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ModeReko Review

by Alex Henderson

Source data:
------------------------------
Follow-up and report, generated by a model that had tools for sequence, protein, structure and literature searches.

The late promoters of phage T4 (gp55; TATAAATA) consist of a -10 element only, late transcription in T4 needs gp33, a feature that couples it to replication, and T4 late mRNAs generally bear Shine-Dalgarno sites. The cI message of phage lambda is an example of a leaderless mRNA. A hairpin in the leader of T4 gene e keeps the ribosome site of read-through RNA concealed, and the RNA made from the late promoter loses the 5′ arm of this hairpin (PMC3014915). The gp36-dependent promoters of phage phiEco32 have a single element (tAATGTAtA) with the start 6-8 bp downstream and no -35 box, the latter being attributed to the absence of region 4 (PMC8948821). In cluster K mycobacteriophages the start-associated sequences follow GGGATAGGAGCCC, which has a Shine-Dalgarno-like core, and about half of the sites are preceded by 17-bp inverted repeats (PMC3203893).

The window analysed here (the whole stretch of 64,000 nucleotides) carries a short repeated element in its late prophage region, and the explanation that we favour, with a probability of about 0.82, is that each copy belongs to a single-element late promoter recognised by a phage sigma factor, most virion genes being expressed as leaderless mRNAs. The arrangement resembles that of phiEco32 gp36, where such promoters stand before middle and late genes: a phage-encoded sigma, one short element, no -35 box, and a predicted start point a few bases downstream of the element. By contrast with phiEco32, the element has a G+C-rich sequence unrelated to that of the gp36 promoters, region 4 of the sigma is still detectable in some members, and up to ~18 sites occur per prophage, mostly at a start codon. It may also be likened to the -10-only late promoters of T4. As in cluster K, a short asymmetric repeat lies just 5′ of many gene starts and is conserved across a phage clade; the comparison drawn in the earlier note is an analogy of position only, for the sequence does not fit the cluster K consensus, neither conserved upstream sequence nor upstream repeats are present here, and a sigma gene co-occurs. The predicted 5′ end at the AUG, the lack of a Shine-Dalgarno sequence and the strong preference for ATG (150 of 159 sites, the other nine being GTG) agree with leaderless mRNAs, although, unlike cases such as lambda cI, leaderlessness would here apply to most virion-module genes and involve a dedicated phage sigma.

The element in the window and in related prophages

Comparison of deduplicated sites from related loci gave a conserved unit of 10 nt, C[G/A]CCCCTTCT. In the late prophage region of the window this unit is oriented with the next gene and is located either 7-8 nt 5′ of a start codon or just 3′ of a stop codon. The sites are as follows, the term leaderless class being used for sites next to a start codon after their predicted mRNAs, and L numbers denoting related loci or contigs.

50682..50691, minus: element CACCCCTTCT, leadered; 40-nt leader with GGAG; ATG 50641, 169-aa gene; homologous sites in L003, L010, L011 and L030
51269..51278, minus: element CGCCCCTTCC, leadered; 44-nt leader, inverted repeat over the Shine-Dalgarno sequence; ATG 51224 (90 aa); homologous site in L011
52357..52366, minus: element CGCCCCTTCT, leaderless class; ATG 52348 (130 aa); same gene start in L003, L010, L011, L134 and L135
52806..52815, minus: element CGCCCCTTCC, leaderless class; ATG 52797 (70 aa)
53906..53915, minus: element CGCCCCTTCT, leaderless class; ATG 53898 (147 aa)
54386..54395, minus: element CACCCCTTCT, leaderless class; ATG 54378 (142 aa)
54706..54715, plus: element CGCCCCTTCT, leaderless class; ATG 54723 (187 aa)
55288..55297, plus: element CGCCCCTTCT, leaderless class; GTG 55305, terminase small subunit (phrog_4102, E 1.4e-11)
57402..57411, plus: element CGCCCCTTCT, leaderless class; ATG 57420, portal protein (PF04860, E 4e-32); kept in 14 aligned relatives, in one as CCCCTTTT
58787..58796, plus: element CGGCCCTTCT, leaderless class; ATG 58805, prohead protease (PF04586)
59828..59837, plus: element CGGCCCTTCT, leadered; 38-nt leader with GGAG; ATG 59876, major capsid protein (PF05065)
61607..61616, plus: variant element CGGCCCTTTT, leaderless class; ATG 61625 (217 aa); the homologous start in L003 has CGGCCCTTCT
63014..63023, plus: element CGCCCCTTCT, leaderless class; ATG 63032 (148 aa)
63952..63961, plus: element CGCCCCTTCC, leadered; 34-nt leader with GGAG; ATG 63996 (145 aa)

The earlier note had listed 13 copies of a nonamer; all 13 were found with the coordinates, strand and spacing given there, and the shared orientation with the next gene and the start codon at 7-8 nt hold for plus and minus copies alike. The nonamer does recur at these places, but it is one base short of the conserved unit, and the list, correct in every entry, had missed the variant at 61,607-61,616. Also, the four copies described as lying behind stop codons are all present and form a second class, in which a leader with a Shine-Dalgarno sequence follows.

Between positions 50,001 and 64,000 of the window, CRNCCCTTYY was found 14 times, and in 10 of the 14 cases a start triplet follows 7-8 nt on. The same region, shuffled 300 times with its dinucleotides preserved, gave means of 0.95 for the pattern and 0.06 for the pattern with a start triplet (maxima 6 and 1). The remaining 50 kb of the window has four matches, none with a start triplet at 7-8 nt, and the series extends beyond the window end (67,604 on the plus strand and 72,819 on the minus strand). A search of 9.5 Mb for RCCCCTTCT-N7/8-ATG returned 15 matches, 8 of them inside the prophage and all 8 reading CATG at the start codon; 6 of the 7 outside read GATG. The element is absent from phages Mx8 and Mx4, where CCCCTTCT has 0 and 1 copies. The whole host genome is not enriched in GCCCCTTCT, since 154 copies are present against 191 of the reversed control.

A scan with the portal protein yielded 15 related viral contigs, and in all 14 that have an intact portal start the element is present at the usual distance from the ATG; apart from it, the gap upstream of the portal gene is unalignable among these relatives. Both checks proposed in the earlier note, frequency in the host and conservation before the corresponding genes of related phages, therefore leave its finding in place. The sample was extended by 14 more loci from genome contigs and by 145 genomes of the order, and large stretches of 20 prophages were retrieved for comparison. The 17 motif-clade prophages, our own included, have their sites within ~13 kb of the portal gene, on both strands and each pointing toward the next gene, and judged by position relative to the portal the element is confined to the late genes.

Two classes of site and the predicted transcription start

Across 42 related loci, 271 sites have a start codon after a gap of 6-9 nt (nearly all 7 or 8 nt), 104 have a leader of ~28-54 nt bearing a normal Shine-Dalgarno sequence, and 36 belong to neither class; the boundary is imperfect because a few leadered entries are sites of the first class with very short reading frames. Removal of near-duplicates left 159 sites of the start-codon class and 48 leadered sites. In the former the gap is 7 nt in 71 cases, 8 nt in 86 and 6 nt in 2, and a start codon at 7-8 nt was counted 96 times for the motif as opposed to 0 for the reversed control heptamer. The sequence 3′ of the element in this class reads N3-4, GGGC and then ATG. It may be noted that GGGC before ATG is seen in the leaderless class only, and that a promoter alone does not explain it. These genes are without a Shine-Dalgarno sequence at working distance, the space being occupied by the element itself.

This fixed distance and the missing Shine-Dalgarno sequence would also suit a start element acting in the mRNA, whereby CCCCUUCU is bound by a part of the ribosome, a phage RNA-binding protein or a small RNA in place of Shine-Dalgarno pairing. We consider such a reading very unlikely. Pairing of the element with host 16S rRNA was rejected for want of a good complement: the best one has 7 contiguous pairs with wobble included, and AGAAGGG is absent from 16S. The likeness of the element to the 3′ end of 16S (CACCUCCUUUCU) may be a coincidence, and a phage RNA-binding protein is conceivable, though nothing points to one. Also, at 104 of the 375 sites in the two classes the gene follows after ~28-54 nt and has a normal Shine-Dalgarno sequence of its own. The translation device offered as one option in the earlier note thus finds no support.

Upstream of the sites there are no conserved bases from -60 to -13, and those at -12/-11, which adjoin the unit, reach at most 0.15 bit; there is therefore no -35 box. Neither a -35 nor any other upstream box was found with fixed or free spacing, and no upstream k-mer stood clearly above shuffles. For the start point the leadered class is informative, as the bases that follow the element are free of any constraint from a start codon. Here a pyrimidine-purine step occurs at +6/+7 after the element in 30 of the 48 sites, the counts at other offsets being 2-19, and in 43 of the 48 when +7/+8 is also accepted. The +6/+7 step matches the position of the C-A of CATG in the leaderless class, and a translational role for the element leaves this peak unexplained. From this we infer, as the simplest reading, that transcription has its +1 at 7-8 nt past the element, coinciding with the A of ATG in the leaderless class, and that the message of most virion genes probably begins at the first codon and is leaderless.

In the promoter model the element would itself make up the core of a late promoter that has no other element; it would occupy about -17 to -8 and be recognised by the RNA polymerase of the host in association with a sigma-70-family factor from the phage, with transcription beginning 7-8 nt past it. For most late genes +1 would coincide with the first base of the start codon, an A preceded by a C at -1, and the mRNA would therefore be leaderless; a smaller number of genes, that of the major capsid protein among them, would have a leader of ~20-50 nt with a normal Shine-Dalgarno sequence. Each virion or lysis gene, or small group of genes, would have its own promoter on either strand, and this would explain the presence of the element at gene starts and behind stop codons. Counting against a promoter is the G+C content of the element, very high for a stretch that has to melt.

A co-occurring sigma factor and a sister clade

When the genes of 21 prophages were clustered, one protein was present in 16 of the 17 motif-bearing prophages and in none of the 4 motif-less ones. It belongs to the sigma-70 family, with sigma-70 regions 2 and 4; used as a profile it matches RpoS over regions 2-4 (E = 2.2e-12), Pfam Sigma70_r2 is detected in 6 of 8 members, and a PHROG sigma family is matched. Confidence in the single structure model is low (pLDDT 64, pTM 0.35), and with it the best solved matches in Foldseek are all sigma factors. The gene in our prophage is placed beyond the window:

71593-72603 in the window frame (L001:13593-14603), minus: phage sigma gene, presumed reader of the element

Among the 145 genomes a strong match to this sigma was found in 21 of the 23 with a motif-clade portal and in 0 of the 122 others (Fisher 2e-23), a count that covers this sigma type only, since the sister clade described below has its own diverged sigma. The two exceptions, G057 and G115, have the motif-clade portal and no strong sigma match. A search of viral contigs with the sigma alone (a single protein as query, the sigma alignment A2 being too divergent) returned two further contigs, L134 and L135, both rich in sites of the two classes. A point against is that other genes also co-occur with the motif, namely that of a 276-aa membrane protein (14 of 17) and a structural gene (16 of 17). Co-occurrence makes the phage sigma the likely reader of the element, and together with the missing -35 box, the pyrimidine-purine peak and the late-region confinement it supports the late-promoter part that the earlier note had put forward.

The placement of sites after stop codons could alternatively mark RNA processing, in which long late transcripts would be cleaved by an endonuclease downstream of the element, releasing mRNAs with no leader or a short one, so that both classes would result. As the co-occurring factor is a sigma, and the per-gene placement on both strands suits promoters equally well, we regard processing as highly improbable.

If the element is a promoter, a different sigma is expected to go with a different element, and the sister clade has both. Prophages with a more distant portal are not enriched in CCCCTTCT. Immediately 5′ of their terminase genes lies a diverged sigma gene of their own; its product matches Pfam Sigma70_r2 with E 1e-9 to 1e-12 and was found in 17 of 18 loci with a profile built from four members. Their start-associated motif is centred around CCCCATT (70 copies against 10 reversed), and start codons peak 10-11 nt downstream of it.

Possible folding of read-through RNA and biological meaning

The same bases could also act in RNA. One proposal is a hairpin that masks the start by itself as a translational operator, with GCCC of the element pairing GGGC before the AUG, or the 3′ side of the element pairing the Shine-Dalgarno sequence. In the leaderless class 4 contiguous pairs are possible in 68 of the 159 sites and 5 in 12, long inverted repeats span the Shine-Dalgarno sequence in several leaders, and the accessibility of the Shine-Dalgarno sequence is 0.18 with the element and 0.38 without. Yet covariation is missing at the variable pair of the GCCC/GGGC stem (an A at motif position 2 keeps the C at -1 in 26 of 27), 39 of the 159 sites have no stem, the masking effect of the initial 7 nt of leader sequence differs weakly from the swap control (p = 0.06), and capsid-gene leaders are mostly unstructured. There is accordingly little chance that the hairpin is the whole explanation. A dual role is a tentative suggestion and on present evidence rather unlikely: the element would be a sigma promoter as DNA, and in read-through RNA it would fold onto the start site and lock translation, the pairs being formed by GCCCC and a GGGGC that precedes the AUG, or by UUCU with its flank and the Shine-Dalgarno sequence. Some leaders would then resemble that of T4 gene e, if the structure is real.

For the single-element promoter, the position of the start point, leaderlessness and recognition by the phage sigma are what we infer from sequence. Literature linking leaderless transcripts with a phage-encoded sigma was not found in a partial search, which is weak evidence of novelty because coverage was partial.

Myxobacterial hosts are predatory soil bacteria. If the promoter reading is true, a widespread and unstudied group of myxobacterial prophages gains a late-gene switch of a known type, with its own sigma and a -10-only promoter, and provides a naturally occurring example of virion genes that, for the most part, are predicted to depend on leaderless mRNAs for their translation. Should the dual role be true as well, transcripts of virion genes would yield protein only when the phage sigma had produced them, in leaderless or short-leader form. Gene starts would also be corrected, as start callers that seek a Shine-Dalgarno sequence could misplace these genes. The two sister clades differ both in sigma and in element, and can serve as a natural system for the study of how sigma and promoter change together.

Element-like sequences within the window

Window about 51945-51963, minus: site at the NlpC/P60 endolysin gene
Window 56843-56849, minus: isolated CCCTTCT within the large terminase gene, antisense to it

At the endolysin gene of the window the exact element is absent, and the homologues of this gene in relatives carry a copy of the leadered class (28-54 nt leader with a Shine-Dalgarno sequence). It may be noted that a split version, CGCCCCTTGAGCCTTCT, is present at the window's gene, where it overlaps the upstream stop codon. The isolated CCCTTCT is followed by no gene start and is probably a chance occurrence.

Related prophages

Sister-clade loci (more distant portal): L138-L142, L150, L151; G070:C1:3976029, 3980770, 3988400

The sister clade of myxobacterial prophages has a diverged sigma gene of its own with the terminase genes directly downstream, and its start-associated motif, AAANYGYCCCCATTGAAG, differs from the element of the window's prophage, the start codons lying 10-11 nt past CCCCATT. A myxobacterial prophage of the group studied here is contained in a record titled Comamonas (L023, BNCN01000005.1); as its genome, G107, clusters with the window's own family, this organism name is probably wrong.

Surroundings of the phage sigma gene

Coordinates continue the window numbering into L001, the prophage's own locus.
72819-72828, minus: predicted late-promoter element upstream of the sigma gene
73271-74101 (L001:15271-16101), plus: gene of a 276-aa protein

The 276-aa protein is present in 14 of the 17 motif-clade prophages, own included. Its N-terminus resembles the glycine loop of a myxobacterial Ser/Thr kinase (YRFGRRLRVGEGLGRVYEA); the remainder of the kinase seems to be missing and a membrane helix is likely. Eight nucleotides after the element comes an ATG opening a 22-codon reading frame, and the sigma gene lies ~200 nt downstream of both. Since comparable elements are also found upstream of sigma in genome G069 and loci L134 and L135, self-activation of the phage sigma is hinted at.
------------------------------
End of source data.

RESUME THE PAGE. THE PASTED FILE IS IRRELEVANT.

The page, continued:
In the 1960s and 1970s, many jazz critics hated anything that had a groove or a backbeat. But a lot of the groove-oriented soul-jazz, funk-jazz, and organ jazz that critics routinely trashed back then has held up well over the years -- in fact, much of it continued to be influential when the 21st century rolled around. This 2001 release obviously owes a debt to the funkier jazz of the 1960s and 1970s; however, the production tends to favor modern hip-hop and dance music techniques (samples, loops, etc). So ModeReko -- which consists of trumpeter John D'earth, guitarist/bassist Tim Kobza, saxman Bobby Read, and drummer John Molo -- is blending the past with something more recent. ModeReko's grooves are funky yet quirky and eccentric, and more often than not, the quartet's strange sense of humor is an asset. Nonetheless, this self-titled debut isn't flawless. ModeReko sounds overproduced -- at times, the production overshadows the musicianship. And while the CD is usually intriguing, parts of it seem unfocused. But all things considered, this is a promising debut. Even though ModeReko is slightly uneven, it has more ups than downs and makes the listener want to keep an eye on the oddly funky group.

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